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Eco-shrimps protect mangroves and social standards

02.11.2010
Whilst conventional prawn farming is detrimental to nature and mankind, prawns from ecologically run aquacultures are a top-quality delicacy farmed in harmony with nature.

King prawns are enjoying increasing popularity world-wide. They are delicious and a protein-packed alternative in our diet. However from an ecological perspective and in terms of health, they should be consumed with caution, since the farming process can be problematic.

Ecocide and the use of antibiotics are often associated with the production of prawns, even if the situation in conventional prawn farming has already slightly improved. Although prawns certified as organic are admittedly more expensive, they are environmentally friendly, free of drugs and taste far better.

Within BioHatch, a research project coordinated by ttz Bremerhaven, a research service provider, work is being undertaken to give this better product better competitiveness too. The objective of the project, which is co-financed by Germany's Federal Ministry of Economics and Technology, is the technical development, planning and construction of a pilot plant for the efficient and ecological farming of king prawns in Bangladesh.

The focus of BioHatch lies in the complex breeding of the larvae. The problem here is that the larvae do not grow up in brackish water like their older siblings, but instead require pure seawater during the first phase of their life. The two types of water are however generally a long distance apart. In order to find a solution to this complicated situation, ttz Bremerhaven, WAB Trading International GmbH, and the Gesellschaft für Marine Aquakultur (GMA) mbH are working closely together on the BioHatch project. In the framework of three sub-projects, individual components for a larvae hatchery are being developed: a customised salt water supply on the basis of electrodialysis and photovoltaics (ttz Bremerhaven), water treatment via biofiltration (WAB), and sustainable induction of spawning and egg maturation through light and temperature protocols (GMA). After the integration of these three individual components in the target region of Kaliganj, Bangladesh, the aim is for the new technology to be further developed to production scale and then marketed.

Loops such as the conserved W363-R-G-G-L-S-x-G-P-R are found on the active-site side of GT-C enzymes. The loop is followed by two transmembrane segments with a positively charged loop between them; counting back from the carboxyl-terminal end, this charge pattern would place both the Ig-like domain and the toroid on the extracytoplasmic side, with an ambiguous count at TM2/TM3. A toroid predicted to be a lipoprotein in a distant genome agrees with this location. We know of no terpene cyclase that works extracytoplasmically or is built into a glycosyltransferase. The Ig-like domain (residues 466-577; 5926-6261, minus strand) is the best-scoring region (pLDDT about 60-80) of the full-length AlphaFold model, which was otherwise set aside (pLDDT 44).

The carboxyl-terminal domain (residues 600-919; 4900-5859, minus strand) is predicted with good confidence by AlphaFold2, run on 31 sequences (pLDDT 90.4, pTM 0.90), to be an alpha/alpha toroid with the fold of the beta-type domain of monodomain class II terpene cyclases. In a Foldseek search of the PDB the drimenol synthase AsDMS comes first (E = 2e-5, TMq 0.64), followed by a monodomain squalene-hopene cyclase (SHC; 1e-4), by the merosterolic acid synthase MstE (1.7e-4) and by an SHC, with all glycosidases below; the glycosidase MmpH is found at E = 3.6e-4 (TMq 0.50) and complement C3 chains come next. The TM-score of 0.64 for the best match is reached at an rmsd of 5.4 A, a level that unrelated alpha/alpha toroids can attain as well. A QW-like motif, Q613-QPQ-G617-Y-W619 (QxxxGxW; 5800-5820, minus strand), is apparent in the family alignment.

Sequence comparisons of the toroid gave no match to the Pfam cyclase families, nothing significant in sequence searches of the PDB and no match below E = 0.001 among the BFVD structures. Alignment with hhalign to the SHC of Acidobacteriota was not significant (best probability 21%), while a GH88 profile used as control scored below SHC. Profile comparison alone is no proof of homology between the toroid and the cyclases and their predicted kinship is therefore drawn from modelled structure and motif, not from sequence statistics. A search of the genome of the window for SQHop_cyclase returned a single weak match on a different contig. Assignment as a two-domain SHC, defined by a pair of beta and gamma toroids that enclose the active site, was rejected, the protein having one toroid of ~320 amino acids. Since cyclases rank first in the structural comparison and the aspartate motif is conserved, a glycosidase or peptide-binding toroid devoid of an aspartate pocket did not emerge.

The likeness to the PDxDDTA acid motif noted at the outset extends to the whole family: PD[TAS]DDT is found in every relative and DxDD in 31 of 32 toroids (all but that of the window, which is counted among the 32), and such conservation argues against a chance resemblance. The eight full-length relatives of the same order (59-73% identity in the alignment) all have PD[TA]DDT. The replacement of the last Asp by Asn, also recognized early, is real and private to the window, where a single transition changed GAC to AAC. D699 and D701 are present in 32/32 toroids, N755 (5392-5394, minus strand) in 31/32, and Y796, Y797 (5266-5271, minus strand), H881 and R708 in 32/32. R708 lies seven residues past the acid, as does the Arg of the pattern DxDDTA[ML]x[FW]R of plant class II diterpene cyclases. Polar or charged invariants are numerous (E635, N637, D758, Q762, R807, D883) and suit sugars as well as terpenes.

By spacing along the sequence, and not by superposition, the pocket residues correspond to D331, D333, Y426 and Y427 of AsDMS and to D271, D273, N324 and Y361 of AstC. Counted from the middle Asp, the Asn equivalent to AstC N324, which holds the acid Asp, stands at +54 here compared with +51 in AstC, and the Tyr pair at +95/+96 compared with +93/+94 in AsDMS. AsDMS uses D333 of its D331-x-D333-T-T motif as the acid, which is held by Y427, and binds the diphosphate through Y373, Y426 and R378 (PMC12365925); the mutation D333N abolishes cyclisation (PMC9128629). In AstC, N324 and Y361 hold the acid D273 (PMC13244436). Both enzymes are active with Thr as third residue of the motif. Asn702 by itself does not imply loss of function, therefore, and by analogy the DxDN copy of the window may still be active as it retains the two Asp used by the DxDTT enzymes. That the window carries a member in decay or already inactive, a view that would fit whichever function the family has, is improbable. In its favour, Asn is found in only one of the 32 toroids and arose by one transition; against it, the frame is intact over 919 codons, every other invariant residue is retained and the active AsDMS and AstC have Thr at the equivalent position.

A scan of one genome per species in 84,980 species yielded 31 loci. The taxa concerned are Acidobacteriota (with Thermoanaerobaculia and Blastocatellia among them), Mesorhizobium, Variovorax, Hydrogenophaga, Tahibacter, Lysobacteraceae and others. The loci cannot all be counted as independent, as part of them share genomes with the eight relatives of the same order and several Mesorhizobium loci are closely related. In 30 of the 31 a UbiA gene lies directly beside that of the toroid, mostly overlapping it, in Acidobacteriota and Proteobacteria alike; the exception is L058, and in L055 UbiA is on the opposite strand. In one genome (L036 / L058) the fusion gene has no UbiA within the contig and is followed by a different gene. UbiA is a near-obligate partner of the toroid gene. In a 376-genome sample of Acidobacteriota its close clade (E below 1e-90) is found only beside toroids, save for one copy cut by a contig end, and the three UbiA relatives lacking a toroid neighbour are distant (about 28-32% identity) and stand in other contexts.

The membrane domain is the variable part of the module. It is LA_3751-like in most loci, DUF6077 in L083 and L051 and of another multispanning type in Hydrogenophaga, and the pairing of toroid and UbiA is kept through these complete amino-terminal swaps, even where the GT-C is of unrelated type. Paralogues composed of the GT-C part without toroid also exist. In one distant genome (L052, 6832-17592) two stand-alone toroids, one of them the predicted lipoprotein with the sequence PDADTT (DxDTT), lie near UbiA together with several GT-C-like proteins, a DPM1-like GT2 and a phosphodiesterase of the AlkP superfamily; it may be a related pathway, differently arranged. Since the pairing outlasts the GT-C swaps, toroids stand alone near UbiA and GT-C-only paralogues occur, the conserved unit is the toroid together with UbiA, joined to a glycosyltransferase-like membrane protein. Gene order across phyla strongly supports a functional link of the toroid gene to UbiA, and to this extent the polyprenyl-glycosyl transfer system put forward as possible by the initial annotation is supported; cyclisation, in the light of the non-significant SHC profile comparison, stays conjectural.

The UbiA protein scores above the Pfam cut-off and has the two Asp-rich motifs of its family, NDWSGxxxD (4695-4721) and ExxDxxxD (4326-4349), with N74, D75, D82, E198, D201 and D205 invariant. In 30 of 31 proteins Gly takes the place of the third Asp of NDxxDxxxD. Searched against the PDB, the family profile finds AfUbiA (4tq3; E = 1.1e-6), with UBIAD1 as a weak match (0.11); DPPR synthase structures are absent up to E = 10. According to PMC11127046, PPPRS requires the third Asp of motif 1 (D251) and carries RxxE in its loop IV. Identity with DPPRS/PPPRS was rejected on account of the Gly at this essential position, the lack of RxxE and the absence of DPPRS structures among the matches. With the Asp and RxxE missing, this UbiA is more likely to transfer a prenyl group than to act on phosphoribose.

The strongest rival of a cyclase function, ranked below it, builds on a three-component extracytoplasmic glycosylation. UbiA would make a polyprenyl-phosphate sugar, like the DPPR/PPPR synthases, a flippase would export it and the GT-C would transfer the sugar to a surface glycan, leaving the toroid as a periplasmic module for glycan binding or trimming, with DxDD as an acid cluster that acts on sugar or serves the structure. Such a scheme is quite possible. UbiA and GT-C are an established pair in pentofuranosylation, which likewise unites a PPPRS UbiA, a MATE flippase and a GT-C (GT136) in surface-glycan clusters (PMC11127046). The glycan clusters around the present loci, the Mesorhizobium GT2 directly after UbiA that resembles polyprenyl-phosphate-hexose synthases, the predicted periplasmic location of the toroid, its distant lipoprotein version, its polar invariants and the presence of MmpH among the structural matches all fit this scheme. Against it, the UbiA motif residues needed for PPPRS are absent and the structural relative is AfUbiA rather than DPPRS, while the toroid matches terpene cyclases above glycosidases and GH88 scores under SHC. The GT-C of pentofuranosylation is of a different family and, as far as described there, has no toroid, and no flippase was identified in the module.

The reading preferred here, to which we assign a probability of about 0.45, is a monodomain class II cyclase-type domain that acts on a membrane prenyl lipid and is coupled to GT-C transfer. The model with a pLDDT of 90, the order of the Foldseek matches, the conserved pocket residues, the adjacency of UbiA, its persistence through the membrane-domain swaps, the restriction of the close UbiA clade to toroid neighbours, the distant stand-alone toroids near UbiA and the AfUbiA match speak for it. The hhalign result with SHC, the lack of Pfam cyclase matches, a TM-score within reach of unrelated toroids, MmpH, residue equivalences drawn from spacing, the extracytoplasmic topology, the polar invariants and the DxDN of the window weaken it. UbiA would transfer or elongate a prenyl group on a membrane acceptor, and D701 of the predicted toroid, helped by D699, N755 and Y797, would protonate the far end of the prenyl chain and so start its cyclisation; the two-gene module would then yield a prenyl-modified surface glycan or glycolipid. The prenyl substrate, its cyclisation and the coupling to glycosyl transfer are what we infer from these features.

BioHatch aims to unite the strictest organic and social standards, for example such as those of "Naturland", with the highest possible level of profitability, since the weak point of organic prawns is their far higher retail price. However, if the price of the damage to nature and mankind were to be included when calculating the price for conventional production, then the sustainably produced goods would be far cheaper. Greenpeace and the WWF have also pointed to the clearing of ecologically important mangrove forests and water polluted from the use of antibiotics, as well as to chemical residues in many conventionally farmed prawns. For the consumer, "enjoyment without remorse" is becoming increasingly important, which is why this criticism is being taken very seriously by industry and politics.

One of the BioHatch partners, WAB Trading International GmbH, is already running the "Organic Shrimp Project" in Bangladesh, within which organic king prawns certified by Naturland are farmed and which are explicitly recommended in the Greenpeace Fish Guide. As a result of the new EU regulation No. 834/2007, the production of larvae in accordance with EU criteria for the organic production and labelling of organic products is obligatory from 2011 onwards. At present, no technology exists world-wide with which the larvae can be produced in an ecological way. An innovative process which complies to the new regulations must therefore be developed at a cost which is comparable to that of conventional methods. BioHatch was launched in February and is a two-year project co-financed by the Federal Ministry of Economics and Technology under ZIM (Central Innovation Programme).

ttz Bremerhaven regards itself as an innovative provider of research services and operates in the field of application-oriented research and development. Under the umbrella of ttz Bremerhaven, an international team of experts is working in the areas of food, environment, health and consulting services.

Contact:
Christian Colmer
Head of Communication and Media
ttz Bremerhaven
Fischkai 1
D-27572 Bremerhaven (Germany)
Phone: +49 (0)471 48 32 -124
Fax: +49 (0)471 48 32 - 129
ccolmer@ttz-bremerhaven.de

Christian Colmer | idw
Further information:
http://www.ttz-bremerhaven.de

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